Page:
Depending on the nature of the defect, manufacturers can try fixing the vehicles and potentially resell them to other consumers. hese “dealer buy back cars” are then given a “branded” title, where the vehicle is forever marked as a lemon that was repurchased by a dealer because of a defect. These vehicles can come at a discount price, but those buying them should do their research and be prepared for potential problems down the road. Dealers looking to rip off unsuspecting bargain hunters can sell branded vehicles without making sure any problems were fixed. This is called “title washing,” where a dealer intentionally removes a value-limiting brand from a vehicle’s title. This happens not only with lemon vehicles, but also wrecked and flooded vehicles meant to be sold with salvage-branded titles, as well as vehicles with inaccurate odometer readings.
Sometimes manufacturers will buy back vehicles for reasons aside from defects. Some government programs, including the well-known “cash for clunkers” Car Allowance Rebate System (CARS), sought to get older more polluting vehicles off American roadways. This government program started on July 1, 2009 and provided financial incentives for American consumers to trade in their older, fuel-inefficient vehicles for newer ones that caused less damage to the environment. The program required the vehicles be less than 25 years old on the trade-in date, still driveable, and get 18 or fewer miles per gallon. The program proved very popular with consumers as the original $1 billion appropriated for it was exhausted by July 30, 2009. Congress approved an extra $2 billion for the vehicle buyback program and President Barack Obama signed it into law on August 7, 2009. Those extra funds were exhausted by August 24, 2009, because of high demand.
Each state requires vehicles to meet different criteria before they are considered a “lemon” and legal recourse becomes an option. For example, lemon vehicles in Texas must pass one of three tests before being considered a lemon. Those tests are the serious safety hazard test, the four times test, or the 30-day test.
Lemon laws are confusing. Read our guide to the lemon law complaint process.
A vehicle passes the serious safety hazard test if the vehicle owner submits the vehicle for repair of a serious safety hazard once during the first 12 months of ownership or 12,000 miles, whichever comes first, and then once more during the 12 months or 12,000 miles following the first repair attempts without the problem being fixed.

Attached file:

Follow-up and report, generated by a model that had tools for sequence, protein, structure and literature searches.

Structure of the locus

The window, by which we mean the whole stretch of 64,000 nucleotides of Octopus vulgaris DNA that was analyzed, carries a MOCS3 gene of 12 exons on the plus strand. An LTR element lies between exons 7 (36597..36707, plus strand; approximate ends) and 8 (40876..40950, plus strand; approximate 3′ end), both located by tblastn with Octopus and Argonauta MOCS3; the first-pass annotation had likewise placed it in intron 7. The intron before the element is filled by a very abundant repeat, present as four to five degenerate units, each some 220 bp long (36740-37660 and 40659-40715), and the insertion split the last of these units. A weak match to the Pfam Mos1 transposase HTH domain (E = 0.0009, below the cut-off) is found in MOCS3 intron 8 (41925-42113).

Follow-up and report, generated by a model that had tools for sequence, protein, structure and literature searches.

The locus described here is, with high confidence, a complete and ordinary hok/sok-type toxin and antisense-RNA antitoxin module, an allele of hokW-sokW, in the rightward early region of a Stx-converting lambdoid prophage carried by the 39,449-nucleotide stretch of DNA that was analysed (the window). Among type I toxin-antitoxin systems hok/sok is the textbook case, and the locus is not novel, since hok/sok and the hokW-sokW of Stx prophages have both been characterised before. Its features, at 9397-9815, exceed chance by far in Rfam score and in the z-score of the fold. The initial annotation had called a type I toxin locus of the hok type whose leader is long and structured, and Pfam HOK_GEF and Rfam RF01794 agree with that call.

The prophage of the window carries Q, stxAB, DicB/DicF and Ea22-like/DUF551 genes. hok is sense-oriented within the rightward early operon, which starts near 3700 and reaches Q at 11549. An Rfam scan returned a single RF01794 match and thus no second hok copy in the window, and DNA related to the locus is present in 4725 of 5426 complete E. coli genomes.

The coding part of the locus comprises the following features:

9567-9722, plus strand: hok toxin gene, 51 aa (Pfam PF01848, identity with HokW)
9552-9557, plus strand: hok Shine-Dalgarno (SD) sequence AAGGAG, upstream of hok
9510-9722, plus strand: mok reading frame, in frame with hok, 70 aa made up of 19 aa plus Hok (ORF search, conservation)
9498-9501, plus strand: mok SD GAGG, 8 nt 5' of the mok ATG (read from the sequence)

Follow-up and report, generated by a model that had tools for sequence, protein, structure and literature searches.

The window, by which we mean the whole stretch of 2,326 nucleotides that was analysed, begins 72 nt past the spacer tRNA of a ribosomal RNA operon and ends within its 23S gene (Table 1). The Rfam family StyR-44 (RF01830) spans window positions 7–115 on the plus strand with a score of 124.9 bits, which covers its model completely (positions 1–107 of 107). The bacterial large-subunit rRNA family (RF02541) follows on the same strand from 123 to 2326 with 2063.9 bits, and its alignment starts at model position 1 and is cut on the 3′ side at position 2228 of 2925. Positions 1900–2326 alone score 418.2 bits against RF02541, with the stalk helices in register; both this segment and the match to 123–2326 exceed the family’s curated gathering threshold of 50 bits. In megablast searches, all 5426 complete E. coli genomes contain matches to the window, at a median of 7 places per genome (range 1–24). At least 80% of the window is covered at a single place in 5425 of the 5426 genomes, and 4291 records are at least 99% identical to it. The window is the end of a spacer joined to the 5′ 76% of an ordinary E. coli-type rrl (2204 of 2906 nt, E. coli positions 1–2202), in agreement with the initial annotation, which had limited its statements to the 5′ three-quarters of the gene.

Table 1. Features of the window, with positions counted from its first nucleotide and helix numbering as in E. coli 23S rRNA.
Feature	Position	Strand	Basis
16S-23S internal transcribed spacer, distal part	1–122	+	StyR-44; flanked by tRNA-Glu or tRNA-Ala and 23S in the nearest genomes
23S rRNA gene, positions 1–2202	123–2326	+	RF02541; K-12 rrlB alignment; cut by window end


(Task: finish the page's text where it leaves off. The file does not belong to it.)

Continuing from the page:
A vehicle passes the four times test if it’s been taken to a dealership for repairs two times for the same problem or defect within the first year or 12,000 miles, whichever comes first, and twice more during the first 12 months or 12,000 miles following the first repair attempt without the problem being fixed.
A vehicle passes the 30-day test if it has been out of service for repair because of problems covered by the original factory warranty for a total of 30 days or more during the first two years or 24,000 miles of ownership without a comparable loaner vehicle offered, and there were two repair attempts during the first year or 12,000 without any success.
States also vary in when consumers must report potential defects. Texas consumers must file their lemon law complaint within 42 months of receiving the vehicle or within the first 24,000 miles driven, whichever comes first.
The longer you wait to begin your lemon law claim, the harder it is to gain a satisfactory result. Don’t wait any longer: contact Allen Stewart P.C. today. The lemon law lawyers of Allen Stewart P.C. have combined decades of experience fighting manufacturers in court on behalf of consumers. Contact Allen Stewart P.C. today and get back on the road.